###### 1.7.3 Example: Australian Equities

Our next example is ostensibly similar to the last. As we work through it, a number of issues will arise as a consequence of exchange rate risk. These will motivate different approaches for a solution.

Suppose today is March 9, 2000. A British trader holds a portfolio of Australian stocks. We wish to calculate the portfolio’s 1-day 95% GBPvalue-at-risk. The portfolio’s current value is GBP 0.198MM. Let represent its value tomorrow. Define the random vector

[1.28]

accumulated values reflect price changes, dividends, and changes in the GBP/AUD exchange rate since time 0. The portfolio’s holdings are:

- 10,000 shares of National Australia Bank,
- 30,000 shares of Westpac Banking Corp.,
- –15,000 shares of Goodman Fielder (short position),

which we represent with a row vector

[1.29]

The portfolio’s future value is a linear polynomial of :

[1.30]

We face a minor problem. In the last example, we used historical data to construct a covariance matrix for . In the present example, components of are denominated in GBP, but any historical data for Australian stocks will be denominated in AUD. We solve the problem with a change of variables :

[1.31]

where

[1.32]

Composing **ω** with φ we obtain a function that relates to :

[1.33]

This is a quadratic polynomial—the exchange rate combines multiplicatively with the accumulated values , , . It is our portfolio mapping, and we represent it schematically as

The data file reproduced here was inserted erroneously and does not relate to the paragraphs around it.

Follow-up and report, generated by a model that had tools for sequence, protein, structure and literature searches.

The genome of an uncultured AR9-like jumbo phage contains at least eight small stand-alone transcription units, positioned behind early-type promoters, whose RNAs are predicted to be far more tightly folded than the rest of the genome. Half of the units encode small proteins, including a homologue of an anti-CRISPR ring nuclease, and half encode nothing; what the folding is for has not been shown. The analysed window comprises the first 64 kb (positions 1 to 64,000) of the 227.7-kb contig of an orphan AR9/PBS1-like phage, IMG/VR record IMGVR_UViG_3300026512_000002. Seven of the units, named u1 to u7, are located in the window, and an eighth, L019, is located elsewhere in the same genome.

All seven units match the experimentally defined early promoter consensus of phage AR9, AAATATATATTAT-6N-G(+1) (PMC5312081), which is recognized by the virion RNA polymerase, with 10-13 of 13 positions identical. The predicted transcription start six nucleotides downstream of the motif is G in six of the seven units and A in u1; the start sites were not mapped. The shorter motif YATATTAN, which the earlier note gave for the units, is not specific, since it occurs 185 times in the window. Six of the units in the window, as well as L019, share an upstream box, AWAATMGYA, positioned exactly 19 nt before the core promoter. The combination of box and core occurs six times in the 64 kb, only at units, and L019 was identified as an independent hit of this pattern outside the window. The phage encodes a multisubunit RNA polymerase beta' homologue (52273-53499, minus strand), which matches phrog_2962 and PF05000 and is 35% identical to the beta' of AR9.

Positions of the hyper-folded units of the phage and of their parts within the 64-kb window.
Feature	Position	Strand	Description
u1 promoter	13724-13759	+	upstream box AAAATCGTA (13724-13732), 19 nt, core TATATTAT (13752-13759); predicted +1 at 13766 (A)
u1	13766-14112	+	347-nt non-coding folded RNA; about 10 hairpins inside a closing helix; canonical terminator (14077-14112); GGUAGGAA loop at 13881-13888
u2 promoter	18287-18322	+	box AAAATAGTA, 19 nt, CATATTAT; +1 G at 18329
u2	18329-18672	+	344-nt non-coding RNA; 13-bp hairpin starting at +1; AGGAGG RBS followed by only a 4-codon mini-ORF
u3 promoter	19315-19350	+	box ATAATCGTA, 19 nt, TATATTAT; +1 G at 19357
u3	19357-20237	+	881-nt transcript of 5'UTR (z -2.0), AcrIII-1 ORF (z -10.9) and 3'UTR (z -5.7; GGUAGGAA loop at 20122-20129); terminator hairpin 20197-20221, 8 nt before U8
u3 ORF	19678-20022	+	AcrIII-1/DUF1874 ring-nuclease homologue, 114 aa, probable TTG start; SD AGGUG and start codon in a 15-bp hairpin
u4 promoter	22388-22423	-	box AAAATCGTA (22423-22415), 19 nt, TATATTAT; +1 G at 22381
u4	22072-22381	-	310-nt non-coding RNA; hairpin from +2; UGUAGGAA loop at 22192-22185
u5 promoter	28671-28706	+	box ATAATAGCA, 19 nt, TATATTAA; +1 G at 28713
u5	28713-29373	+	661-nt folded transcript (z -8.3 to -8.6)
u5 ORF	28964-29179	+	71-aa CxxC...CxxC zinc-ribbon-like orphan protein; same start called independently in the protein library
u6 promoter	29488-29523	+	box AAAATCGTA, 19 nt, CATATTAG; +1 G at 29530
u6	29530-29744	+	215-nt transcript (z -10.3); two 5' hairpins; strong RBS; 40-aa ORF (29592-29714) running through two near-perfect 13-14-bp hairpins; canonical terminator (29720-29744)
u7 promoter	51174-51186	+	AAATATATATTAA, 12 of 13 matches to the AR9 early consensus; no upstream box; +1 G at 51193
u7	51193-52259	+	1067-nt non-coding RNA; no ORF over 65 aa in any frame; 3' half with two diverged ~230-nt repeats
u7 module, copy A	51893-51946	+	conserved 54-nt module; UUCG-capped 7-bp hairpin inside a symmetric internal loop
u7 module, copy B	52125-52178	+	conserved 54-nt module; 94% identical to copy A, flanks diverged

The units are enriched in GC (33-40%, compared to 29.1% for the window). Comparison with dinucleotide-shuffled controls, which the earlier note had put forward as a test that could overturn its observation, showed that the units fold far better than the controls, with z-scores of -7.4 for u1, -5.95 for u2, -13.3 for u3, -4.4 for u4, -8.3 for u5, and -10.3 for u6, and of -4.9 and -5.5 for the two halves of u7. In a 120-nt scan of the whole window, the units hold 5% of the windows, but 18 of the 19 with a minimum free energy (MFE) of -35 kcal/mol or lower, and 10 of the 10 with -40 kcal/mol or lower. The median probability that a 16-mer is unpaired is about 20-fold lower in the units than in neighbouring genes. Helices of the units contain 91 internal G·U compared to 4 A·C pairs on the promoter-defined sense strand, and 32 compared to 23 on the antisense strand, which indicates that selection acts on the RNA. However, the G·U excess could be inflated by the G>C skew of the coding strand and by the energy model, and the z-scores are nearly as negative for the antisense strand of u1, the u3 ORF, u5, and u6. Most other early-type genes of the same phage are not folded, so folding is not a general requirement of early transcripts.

[1.34]

Exhibit 1.5 provides historical data for .

Using time-series methods described in Chapter 4, we construct a conditional covariance matrix for :

[1.35]

Now we face another problem. We have a portfolio mapping = θ() that expresses as a quadratic polynomial of , and we have a conditional covariance matrix ^{1|0}**Σ** for . This is similar to the previous example where we had a portfolio mapping that expressed as a linear polynomial of , and we had a covariance matrix ^{1|0}**Σ** for . Critically, in the previous example, our portfolio mapping was linear. Now it is quadratic. In the previous example, we could apply [1.11] to obtain the conditional standard deviation of . Now we cannot.

Nonlinear portfolio mappings pose a recurring challenge for measuring value-at-risk. There are various solutions, including:

- apply the Monte Carlo method to approximate the desired quantile;
- approximate the quadratic polynomial θ with a linear polynomiale and then apply [1.11] as before;
- assume is conditionally joint-normal and apply probabilistic techniques appropriate for quadratic polynomials of joint-normal random vectors.

Each is a standard solution used frequently in value-at-risk measures. Each has advantages and disadvantages. We will study them all in later chapters. For now, we briefly describe how each is used to calculate value-at-risk for this Australian equities example.